AN IRANIAN FIGHTER was blasted in half during 
an Iraqi air raid. Iraq attacked Iran while they were 
having difficulties with the U.S. in hopes of easily 
gaining control of bordering land which the two 
countries have been fighting over for hundreds of 

current events/7 

SHS Life 

The first bell rang and 
the first crowd entered for 
the year 1980-1981. 
Advancing in age and 
knowledge, these individuals 
began the journey through 
another 200 days. High 
hopes and high spirits filled 
these minds and hearts to 
create an atmosphere of 
Shortridgitiveness. Prepare 
for take-off. Another great 
year is on it's way. 




8/school days 


^S£? Jzp £~j ZS^ *p 

school days/9 


Those two days between Friday and 
Monday that we call the weekend are 
well savored by Ridgers. Rarely do 
you find a Blue Devil cooped up in the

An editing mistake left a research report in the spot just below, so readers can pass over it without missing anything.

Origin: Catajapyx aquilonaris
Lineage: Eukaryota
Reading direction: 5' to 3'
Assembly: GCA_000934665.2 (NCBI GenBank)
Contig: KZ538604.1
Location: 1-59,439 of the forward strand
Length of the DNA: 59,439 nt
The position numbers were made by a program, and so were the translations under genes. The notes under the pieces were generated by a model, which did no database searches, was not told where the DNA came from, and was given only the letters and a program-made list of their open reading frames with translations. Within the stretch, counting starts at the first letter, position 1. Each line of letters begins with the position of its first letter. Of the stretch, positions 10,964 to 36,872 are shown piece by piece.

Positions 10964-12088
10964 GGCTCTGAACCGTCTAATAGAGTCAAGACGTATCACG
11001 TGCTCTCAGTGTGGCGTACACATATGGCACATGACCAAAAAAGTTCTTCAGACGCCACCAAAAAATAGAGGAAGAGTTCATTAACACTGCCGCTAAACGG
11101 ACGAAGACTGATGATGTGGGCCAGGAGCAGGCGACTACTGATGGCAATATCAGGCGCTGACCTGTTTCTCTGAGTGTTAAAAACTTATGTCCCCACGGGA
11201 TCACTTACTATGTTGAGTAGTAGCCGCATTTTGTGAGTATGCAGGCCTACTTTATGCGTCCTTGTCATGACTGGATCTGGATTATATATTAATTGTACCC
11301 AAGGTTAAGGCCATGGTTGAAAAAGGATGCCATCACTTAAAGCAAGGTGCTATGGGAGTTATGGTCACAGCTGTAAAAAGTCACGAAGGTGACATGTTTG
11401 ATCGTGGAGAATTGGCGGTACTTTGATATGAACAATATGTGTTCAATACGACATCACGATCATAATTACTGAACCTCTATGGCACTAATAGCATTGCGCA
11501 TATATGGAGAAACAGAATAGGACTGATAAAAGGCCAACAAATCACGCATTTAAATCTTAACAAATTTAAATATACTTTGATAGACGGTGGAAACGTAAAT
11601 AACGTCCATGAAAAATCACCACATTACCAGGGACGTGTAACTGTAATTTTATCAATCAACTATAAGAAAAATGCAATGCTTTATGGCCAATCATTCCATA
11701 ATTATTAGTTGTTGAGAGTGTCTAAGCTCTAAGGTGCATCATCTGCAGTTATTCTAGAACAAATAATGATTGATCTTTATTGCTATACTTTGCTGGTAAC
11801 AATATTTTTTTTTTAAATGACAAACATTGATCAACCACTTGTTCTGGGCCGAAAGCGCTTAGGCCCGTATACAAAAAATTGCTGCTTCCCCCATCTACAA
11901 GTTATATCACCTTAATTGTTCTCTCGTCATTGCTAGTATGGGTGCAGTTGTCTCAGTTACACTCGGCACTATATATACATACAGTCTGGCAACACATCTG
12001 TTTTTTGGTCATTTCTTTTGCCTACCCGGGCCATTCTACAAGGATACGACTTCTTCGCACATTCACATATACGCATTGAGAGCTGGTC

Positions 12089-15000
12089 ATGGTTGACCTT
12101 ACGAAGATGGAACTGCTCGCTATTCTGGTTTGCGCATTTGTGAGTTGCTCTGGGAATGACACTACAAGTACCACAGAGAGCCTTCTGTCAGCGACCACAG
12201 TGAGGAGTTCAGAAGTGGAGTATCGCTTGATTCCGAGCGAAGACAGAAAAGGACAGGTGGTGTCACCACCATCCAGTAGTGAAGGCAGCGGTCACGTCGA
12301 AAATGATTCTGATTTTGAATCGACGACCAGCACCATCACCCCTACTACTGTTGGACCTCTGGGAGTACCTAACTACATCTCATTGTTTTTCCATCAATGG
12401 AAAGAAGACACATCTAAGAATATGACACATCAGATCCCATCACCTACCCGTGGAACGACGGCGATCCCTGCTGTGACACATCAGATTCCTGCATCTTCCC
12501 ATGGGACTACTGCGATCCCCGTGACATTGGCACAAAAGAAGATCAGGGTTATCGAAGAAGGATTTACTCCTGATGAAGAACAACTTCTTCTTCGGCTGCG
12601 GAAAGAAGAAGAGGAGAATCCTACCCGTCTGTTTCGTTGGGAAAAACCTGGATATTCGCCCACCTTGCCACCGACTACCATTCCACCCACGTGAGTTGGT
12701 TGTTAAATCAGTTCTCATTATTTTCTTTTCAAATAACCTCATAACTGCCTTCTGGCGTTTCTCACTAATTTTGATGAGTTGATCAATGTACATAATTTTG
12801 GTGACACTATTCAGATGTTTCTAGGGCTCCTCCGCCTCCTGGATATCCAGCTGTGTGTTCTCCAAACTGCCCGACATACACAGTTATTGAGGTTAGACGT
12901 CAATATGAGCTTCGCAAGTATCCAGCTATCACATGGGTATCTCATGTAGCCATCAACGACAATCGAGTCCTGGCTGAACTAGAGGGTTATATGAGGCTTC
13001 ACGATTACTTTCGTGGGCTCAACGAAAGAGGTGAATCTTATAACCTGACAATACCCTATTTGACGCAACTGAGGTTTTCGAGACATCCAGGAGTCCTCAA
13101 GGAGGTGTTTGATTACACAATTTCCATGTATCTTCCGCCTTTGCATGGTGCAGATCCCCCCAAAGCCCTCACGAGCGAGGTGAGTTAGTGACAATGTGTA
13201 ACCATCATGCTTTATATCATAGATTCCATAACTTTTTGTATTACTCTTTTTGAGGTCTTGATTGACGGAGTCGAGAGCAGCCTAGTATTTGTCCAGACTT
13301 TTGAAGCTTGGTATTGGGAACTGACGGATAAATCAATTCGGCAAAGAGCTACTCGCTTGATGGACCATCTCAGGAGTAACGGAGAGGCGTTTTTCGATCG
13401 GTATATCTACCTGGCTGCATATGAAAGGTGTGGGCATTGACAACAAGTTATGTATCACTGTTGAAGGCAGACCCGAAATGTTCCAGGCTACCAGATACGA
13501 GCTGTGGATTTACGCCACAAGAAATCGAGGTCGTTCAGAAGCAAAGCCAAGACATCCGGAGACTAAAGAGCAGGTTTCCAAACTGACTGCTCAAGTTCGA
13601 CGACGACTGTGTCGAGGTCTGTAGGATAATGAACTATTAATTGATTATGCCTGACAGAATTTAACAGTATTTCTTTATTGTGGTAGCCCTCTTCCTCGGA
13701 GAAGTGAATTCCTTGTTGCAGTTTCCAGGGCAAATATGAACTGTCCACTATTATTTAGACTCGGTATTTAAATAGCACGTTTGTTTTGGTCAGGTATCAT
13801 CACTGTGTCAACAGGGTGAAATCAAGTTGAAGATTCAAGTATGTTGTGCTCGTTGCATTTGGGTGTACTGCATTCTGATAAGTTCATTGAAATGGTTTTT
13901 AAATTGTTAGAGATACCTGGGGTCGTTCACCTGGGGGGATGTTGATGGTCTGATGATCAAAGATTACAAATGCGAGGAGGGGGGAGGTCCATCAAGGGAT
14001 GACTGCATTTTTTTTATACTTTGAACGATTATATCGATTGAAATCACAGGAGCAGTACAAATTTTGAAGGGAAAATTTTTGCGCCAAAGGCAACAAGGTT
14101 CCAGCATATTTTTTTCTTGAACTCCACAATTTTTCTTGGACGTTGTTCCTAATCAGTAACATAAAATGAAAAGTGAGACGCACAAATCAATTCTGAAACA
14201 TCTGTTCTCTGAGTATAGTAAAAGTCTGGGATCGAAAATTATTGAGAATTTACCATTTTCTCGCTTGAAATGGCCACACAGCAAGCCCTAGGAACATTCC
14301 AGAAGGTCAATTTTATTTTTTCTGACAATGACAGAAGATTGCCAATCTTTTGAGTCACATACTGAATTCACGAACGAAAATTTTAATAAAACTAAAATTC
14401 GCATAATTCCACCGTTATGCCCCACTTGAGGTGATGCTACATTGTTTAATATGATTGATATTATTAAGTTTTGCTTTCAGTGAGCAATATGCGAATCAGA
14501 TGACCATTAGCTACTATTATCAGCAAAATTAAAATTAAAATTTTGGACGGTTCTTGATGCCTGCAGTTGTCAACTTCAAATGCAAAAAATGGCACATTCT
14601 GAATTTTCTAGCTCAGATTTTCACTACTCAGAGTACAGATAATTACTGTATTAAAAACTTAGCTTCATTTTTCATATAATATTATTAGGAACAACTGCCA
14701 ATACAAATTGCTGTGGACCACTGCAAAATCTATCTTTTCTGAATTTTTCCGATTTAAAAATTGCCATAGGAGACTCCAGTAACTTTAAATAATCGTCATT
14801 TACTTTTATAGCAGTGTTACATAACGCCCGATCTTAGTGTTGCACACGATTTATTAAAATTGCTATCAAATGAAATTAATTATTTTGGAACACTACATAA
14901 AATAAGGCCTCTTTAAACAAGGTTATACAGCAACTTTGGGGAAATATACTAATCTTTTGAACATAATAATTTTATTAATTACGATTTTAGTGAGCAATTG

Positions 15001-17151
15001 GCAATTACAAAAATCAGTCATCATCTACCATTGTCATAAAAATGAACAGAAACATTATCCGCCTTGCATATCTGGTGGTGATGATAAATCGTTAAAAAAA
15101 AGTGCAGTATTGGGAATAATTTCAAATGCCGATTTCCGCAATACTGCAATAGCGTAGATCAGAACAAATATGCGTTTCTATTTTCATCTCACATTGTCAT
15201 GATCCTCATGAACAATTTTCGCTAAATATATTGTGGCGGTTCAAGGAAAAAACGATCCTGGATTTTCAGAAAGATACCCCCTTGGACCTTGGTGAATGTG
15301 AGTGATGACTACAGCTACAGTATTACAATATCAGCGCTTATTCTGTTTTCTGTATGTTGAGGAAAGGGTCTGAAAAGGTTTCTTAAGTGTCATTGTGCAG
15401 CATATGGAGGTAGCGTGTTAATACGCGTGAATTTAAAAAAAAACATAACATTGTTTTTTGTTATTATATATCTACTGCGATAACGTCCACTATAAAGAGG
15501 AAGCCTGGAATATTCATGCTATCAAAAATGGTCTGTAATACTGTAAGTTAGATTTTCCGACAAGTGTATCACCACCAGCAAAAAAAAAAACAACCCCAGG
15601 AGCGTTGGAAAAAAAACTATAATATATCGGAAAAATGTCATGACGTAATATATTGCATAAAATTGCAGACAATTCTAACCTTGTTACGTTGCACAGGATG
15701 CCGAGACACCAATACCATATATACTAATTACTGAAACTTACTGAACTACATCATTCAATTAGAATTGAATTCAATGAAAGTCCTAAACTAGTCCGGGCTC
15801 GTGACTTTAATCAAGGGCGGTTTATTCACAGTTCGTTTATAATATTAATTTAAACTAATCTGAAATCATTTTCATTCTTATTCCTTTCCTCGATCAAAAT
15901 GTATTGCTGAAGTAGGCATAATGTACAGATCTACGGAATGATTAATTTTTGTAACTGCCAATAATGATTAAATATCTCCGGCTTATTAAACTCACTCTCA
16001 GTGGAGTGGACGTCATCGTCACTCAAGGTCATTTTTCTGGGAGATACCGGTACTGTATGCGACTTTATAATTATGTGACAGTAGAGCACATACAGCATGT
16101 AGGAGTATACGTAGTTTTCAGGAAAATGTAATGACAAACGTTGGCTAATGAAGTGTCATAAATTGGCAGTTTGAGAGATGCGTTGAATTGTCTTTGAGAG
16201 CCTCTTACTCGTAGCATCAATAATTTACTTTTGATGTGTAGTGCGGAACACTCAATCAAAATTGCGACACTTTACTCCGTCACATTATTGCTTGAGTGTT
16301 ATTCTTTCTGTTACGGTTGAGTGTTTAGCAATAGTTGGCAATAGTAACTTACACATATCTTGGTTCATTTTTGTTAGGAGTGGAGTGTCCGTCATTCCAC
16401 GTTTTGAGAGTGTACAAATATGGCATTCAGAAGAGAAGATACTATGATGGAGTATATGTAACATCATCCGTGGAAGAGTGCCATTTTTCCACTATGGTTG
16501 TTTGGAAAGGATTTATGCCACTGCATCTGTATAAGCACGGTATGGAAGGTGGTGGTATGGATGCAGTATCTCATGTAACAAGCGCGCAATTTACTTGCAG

house for a whole two days! 

Those who are really spirited can be 
found cheering for our teams, wherev- 
er the athletes may roam. It's amazing 
how so many people enjoy cheering 
for blue and white. 

Every now and then, we all love to 
"get down, get funky, get loose," and 
move to the groove of the latest loo- 
ney tune. Although disco is out, danc- 
ing is in at places like the Galaxy. 
They're even doing it on wheels at 
U.S.A. Skating Rinks. Wherever the 
music goes the Ridgers are sure to 

The night isn't where the weekends 
stop either. If you find someone enjoy- 
ing the sun either alone or with friends 
at Eagle Creek or wherever the sur- 
roundings are appropriate, chances 
are they're associated with the Ridge. 
The variety of things to do is unlimited 
at Eagle Creek, from a romantic picnic 
to a rough game of Buck-Buck. You're 
sure to find an activity to fit your 

The downtown area is where many 
of us have found tasty relief from the